Rochdale v Huddersfield Town: Attitude is vital if Town are to make progress

Leeds United's Souleymane Doukara challenges Town's Mark Hudson.

Leeds United's Souleymane Doukara challenges Town's Mark Hudson.

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AS A young boy, Tareiq Holmes-Dennis always had a fascination with the FA Cup and, in particular, the famous giant-killing acts of the past.

Attending the 2008 FA Cup final at Wembley with his grandparents then cemented a love affair that will be put to the test today when Huddersfield Town look to avoid becoming one of those upsets.

Tareiq Holmes-Dennis (john@thelightmonkey.com)

Tareiq Holmes-Dennis (john@thelightmonkey.com)

Holmes-Dennis is expected to make a rare start against League One Rochdale and, while Spotland on a freezing January afternoon is perhaps as far removed from Wembley on Cup final day as possible, he can already feel the tingle that accompanies a tie in the world’s oldest knockout competition.

“The boss loves the FA Cup,” said the 21-year-old ahead of the fourth round clash. “We all do. It is a great competition, the best in the UK. And the further you go, the bigger it becomes.

“I am not sure if the German lads know all about the FA Cup but all the English players do. When they see how buzzing we are for it, I am sure they will be the same.”

Holmes-Dennis joined Huddersfield in the summer from Charlton Athletic and has since made five starts. The exceptional form of first choice left back Chris Lowe accounts for such a meagre tally.

Nevertheless, Holmes-Dennis has shown clear signs of progress under the tutelage of David Wagner and today he is hoping to put in a similarly impressive performance as the one that helped Huddersfield cruise past Port Vale in the third round.

“The FA Cup is really special,” added the Farnborough-born full-back. “I was lucky enough to go to the final when Portsmouth won it.

“My grandad and grandma took me. I was quite young at the time but it has stuck in my mind. The experience was brilliant, a great day out and the atmosphere was unbelievable.

“I also went to the Championship play-off final between Watford and Crystal Palace (in 2013). That was the same sort of atmosphere.

“But I have always liked the FA Cup as it is that little bit different. When young, I enjoyed seeing the bigger teams beaten by the little teams. Now, though, I want to beat Rochdale. I haven’t played there before but I am looking forward to it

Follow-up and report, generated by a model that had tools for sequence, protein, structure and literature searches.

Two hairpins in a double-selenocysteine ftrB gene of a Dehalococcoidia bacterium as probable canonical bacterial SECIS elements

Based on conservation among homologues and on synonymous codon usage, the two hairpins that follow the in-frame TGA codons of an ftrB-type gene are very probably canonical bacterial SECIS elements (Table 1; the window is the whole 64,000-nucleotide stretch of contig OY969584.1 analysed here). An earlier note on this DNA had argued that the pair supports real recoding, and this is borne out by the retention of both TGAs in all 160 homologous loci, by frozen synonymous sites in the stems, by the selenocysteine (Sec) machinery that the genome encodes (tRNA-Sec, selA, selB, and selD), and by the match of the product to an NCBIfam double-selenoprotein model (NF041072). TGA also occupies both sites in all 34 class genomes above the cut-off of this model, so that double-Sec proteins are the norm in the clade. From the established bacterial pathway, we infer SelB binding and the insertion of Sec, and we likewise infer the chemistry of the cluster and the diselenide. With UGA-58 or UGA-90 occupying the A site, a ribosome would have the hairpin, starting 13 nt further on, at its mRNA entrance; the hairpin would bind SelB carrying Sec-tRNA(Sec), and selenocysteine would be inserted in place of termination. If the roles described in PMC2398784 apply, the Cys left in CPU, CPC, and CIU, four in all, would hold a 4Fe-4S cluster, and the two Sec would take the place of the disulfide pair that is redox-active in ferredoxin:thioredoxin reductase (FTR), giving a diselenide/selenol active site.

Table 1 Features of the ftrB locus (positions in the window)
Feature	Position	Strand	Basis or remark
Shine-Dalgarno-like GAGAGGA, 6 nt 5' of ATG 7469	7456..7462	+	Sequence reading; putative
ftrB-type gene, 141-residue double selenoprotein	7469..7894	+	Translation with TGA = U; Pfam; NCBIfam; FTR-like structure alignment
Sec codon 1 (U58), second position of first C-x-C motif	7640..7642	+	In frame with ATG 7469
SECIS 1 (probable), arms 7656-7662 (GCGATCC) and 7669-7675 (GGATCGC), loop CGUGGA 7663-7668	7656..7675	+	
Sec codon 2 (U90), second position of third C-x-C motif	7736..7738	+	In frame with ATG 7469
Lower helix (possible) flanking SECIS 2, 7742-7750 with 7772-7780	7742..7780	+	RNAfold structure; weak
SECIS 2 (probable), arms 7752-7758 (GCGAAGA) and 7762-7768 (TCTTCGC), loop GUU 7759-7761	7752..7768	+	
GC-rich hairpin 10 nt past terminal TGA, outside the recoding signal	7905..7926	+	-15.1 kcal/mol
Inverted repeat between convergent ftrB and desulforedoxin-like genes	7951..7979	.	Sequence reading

“Our attitude will be vital. We must approach the Cup tie like we do all games and not be complacent. If we do that, we give ourselves the best opportunity of going through.

“Rochdale will have seen how well we have been doing in the league and will want to beat us. It might be like their Cup final so they will be putting their heart and soul into it.

“That is why we have to approach it in the best manner. But, hopefully, we can go into it with the same attitude and then our qualities will show.”

Around 3,500 fans will be following the Terriers on the short trip to Rochdale for a tie that pits against each other two teams currently occupying a play-offs berth in their respective divisions.

Dale, conquerors of Leeds United in the Cup not so long ago, have already seen off Maidstone, Barrow and Carlisle United to reach the fourth round

Town, meanwhile, made light work of dismissing Vale 4-0 in the last round – the Yorkshire club’s first win in either the League or FA Cup since 2014.

Further progress today will provide Wagner’s side with the opportunity to land either a plum tie in the fifth round or, failing that, a fighting chance of going even further and booking a place in the quarter-finals for the first time since 1972.

For Holmes-Dennis, an extended run in the Cup would help cap a move that he has really started to relish after admitting to suffering from a bit of homesickness early on.

“At first, it was a bit difficult due to being away from my family,” added the left-back, who earlier in his career had loan spells at Oxford United, Plymouth Argyle and Oldham Athletic. “But now I enjoy being up here. All the lads have been great. Playing with (captain) Mark Hudson is great, his experience and advice is second to none. You can’t have too much of that.

“It is the same with Jonathan Hogg in midfield and Dean Whitehead. People like that have been playing for years and their advice is a big help. I also spend time away from the club with quite a few lads and that has been a big help.”

Asked if Sean Scannell, who made the same trip from south London to Huddersfield in 2012, had been a big help in settling, Holmes-Dennis laughs before replying: “Scanz is not a London boy any more.

“He is a Yorkshire boy now. I am doing the same, adopting the lifestyle up here. It is less hectic compared to London. I enjoy it.

“All the lads have been great. It is a club where everyone helps each other out. People like ‘Scanz’ have been here forever.

“And then there are quite a few like me who have only been here six months.

“There are a few of us - Kasey (Palmer), ‘Scanz’, Jack Payne, Nahki (Wells) - we all go out for food. It is good to have friends around you as it means you settle.”

Along with finding his feet in the area, Holmes-Dennis has also had to adapt to the demands of Wagner and his gegenpressing system. Again, the sounds are good.

“I feel comfortable with the team and have been learning the way we play,” he said. “Every game, I feel more confident. Ideally, you want to accumulate a run of games but I have to just take each opportunity as it comes along.”

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